When it comes to pancakes, some people think globally, as in the International House of. Nick Panos thinks locally, as in Nick’s Original Pancake House, which was on schedule to open in the former Lohr Road Big Boy in mid-December. “It’s not corporate,” he says of his new restaurant. “It’s locals running it hands on.”
Panos knows all about running local restaurants. He also owns Smokehouse Blues. His father owns the Chelsea Grille, his mother owns the Village Kitchen, his aunt owns the Broken Egg, and the list grows almost exponentially if you start adding in extended family.
Nick’s has more than a dozen different kinds of pancakes, including buttermilk, fresh cinnamon apple, and what the menu bills as Nick’s Favorite, pecan banana. It also serves seven kinds of waffles and nine kinds of French toast, plus all kinds of omelets and crepes, and for the lunch crowd, a large selection of sandwiches, soups, and salads. Breakfast and lunch items are available till 3 p.m.–when Nick’s closes for the day.
“For quite a few years I’ve wanted a family restaurant,” Panos says. By that he means not just a place where families are welcome, but a place where the owner can have a family. “It was kind of a quality-of-life thing,” he says. “You run a bar and grill, you don’t leave till eleven or twelve at night.” While he’s single and doesn’t have kids, he’d like to someday–but “if I want to raise kids, we gotta get another concept going that’ll be conducive to having kids and spending time with them.”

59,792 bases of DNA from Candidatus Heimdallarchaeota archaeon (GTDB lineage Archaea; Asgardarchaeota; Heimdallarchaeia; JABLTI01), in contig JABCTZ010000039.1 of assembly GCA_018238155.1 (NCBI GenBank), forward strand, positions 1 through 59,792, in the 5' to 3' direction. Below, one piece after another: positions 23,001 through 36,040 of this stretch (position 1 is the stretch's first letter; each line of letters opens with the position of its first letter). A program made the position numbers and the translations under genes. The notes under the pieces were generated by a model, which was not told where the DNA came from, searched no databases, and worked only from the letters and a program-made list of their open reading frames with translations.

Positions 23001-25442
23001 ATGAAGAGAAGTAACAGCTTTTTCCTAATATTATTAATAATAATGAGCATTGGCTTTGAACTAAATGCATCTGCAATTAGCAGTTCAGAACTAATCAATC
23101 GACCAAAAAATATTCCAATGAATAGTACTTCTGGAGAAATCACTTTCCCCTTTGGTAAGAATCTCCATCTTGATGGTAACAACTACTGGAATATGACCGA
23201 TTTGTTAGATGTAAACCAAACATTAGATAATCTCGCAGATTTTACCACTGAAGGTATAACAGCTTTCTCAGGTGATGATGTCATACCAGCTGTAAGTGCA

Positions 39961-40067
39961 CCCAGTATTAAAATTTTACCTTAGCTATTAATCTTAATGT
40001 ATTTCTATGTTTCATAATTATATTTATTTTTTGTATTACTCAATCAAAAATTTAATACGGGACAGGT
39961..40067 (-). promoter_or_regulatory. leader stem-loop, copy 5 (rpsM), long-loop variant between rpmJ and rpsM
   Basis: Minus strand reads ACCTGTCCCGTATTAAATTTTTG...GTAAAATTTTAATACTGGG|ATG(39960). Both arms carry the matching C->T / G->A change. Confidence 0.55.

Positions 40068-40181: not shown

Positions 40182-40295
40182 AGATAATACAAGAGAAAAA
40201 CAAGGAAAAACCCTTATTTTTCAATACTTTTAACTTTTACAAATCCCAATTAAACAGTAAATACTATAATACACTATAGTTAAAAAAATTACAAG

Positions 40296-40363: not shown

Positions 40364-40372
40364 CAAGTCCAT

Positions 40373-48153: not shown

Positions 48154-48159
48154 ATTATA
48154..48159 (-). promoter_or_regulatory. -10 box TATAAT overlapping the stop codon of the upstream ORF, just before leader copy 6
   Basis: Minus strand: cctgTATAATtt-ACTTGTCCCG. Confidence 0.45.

When the former Big Boy franchisees were evicted in mid-July, “my dad told me to take a look at this place,” Panos says. “He told me to just do breakfast and lunch. He said, ‘You’ll do well with that.'” Nick’s is open eight hours a day. “I’d just rather get up early, get the day done, and be able to go out and have a personal life.”
Getting the restaurant up and running was fairly easy. The kitchen was fully updated, the place was in good condition, and pretty much all Panos had to do was redecorate. Going for a “nice, warm, fuzzy feeling breakfasty look,” he had the walls painted in soft, muted earth tones of orange and brown. He removed the classic Big Boy red and white checkered pattern from the outside of the building. Big Boy corporate carted away the fiberglass Big Boy statue out front. That left one last vestige of the Big Boy theme: a strip of red and white checkered tiles high on the wall behind the counter. A friend of Panos had the ingenious idea of covering the red tiles with adhesive-backed, orange stick-on squares cut to size. It’s like the Big Boy had never been there.
Nick’s Original Pancake House, 3030 Lohr Circle. 622-6425. Daily 7 a.m.-3 p.m.
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